Francis Blankenberg

Publication Details

  • Recent Advances in the Molecular Imaging of Programmed Cell Death: Part I-Pathophysiology and Radiotracers JOURNAL OF NUCLEAR MEDICINE Blankenberg, F. G., Strauss, H. W. 2012; 53 (11): 1659-1662


    In humans, apoptosis (programmed cell death) is the most common form of cell death after necrosis. Apoptosis is a series of genetically preprogrammed biochemical and morphologic energy-requiring events that, after a specific external or internal stimulus, results in the physiologic disappearance of a cell via its self-disintegration and packaging of its contents into membrane vesicles called apoptotic bodies. Apoptotic bodies can readily be ingested, with their nutrients and even organelles recycled by neighboring cells or phagocytes without local inflammation. In contrast, necrosis is characterized by the primary loss of plasma membrane integrity and the uncontrolled release of a cell's contents, often causing local inflammation, tissue damage, and scarring. Alternate forms of cell death also exist, associated with specific molecular mechanisms involving enzymes, organelles, genes, external stimuli, or blockade of normal cell proliferation. In this review we will briefly outline the molecular mechanisms of apoptosis that can be imaged with radiotracers now under development.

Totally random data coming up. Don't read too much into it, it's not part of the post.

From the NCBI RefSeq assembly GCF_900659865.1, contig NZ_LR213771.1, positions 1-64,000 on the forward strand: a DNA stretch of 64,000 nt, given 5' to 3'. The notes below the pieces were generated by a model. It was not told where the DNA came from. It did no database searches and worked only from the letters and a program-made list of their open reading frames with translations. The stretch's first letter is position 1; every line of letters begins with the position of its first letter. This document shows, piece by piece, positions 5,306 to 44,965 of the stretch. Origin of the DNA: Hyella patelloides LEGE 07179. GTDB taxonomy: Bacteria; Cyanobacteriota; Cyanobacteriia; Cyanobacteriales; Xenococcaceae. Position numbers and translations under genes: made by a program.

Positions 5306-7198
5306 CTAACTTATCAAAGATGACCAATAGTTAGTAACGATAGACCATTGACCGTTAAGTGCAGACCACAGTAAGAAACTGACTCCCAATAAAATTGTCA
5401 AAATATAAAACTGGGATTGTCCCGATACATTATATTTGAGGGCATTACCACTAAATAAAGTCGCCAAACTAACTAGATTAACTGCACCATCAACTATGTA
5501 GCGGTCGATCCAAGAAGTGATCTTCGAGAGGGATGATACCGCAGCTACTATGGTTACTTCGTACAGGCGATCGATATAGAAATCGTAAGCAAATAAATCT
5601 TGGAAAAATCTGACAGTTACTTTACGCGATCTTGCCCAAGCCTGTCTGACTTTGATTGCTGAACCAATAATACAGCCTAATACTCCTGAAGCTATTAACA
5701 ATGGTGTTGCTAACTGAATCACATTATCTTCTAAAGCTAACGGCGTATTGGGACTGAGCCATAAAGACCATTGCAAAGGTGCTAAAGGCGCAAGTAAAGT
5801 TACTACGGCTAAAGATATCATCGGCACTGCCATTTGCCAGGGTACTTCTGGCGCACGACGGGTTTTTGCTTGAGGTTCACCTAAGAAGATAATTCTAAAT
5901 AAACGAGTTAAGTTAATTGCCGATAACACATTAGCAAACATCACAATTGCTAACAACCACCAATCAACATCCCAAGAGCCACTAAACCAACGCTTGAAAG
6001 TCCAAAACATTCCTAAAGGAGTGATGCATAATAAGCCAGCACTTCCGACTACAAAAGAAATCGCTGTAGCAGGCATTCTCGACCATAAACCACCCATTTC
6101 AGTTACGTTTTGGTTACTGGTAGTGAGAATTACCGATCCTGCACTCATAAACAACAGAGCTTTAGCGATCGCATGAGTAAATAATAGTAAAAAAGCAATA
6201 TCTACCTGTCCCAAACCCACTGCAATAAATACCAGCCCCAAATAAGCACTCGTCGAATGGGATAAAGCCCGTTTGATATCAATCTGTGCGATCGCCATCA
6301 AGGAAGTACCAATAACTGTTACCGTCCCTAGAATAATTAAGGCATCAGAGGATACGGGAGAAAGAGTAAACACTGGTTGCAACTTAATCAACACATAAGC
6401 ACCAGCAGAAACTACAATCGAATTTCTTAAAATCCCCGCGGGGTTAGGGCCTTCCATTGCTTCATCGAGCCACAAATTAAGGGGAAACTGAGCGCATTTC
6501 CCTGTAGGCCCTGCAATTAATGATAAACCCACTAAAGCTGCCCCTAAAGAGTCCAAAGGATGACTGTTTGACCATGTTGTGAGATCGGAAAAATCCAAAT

View details for DOI 10.2967/jnumed.112.108944

    View details for Web of Science ID 000311128400007

    View details for PubMedID 23033360

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